I try to think how we got here. The theory I developed in college (shared by many I’m sure) is one I have yet to beat: Womb Envy. Biology: women are generally smaller and weaker than men. But they’re also much tougher. Put simply, men are strong enough to overpower a woman and propagate. Women are tough enough to have and nurture children, with or without the aid of a man. Oh, and they’ve also got the equipment to do that, to be part of the life cycle, to create and bond in a way no man ever really will. Somewhere a long time ago a bunch of men got together and said, “If all we do is hunt and gather, let’s make hunting and gathering the awesomest achievement, and let’s make childbirth kinda weak and shameful.” It’s a rather silly simplification, but I believe on a mass, unconscious level, it’s entirely true. How else to explain the fact that cultures who would die to eradicate each other have always agreed on one issue? That every popular religion puts restrictions on women’s behavior that are practically untenable? That the act of being a free, attractive, self-assertive woman is punishable by torture and death? In the case of this upcoming torture-porn, fictional. In the case of Dua Khalil, mundanely, unthinkably real. And both available for your viewing pleasure.That was written by Joss Whedon, you can find the rest here. I'm not even going to make a snarky comment about how well he knows objectification. I'm just going to say I'm feeling pretty good about naming my blog after him.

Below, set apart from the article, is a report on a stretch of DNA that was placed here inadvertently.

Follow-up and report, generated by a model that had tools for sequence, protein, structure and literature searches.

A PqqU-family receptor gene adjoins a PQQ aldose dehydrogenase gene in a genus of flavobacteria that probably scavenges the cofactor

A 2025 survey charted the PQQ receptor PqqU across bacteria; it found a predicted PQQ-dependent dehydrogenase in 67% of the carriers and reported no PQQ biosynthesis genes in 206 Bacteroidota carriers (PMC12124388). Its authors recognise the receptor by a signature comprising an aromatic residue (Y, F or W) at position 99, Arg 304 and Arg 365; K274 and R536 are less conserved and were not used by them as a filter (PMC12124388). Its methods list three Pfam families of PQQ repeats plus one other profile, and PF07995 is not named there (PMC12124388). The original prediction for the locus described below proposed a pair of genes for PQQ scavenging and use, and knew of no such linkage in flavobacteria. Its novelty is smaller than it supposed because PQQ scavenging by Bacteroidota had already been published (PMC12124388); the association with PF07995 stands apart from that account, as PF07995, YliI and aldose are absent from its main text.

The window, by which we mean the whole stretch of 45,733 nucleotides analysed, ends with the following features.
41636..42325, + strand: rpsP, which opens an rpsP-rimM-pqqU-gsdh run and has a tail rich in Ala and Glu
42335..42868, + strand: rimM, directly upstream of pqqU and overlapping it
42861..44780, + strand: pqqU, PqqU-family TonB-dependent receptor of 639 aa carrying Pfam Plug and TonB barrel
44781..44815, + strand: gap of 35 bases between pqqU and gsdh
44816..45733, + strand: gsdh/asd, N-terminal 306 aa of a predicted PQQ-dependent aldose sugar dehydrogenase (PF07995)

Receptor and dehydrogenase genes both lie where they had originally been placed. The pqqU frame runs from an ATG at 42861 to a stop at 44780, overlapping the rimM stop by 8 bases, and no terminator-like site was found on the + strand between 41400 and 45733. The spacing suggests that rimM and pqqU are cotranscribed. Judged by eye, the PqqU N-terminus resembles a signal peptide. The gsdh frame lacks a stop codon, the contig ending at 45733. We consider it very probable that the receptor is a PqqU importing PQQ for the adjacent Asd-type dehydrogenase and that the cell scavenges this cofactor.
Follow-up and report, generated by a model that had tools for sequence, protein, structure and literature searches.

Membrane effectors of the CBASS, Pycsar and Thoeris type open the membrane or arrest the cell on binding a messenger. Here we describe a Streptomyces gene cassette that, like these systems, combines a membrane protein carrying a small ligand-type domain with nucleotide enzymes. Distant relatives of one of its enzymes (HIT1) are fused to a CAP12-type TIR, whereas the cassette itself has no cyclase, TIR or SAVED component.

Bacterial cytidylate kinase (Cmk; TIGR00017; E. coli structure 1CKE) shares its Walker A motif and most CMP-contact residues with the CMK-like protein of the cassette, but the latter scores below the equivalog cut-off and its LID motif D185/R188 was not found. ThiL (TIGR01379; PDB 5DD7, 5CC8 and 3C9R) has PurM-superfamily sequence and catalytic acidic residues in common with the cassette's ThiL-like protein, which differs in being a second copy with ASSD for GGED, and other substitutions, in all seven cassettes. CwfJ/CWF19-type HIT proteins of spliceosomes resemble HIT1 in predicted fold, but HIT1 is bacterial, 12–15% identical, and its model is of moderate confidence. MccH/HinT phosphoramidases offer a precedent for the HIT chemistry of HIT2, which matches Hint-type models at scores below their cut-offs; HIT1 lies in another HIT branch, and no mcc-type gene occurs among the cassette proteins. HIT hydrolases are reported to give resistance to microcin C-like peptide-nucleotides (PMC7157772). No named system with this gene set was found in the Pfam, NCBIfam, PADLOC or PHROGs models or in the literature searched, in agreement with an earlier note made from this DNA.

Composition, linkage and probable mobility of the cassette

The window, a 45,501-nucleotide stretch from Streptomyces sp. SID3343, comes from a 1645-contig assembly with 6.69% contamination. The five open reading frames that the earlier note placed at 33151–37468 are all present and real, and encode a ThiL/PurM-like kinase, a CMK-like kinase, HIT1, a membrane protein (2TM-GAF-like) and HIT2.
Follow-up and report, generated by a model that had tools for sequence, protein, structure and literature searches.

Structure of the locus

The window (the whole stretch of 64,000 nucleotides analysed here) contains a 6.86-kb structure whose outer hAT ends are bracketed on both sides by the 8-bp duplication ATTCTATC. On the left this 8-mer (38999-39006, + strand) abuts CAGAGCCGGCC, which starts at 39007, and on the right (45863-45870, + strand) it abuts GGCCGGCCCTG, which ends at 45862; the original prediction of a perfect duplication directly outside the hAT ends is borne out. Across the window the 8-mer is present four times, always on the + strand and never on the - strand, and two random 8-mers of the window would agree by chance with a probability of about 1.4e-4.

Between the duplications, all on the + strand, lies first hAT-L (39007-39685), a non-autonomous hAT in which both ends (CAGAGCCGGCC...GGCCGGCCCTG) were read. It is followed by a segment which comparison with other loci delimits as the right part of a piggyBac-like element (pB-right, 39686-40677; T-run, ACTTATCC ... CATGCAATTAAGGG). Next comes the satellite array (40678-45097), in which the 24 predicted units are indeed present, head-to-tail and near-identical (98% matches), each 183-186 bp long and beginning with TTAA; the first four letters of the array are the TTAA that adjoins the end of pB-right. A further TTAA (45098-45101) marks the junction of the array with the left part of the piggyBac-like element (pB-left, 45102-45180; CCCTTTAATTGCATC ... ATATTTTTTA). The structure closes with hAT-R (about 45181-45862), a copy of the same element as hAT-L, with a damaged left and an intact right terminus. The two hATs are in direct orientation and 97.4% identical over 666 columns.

It’s safe to say that I’ve snapped. That something broke, like one of those robots you can conquer with a logical conundrum. All my life I’ve looked at this faulty equation, trying to understand, and I’ve shorted out. I don’t pretend to be a great guy; I know really really well about objectification, trust me. And I’m not for a second going down the “women are saints” route – that just leads to more stone-throwing (and occasional Joan-burning). I just think there is the staggering imbalance in the world that we all just take for granted. If we were all told the sky was evil, or at best a little embarrassing, and we ought not look at it, wouldn’t that tradition eventually fall apart? (I was going to use ‘trees’ as my example, but at the rate we’re getting rid of them I’m pretty sure we really do think they’re evil. See how all rants become one?)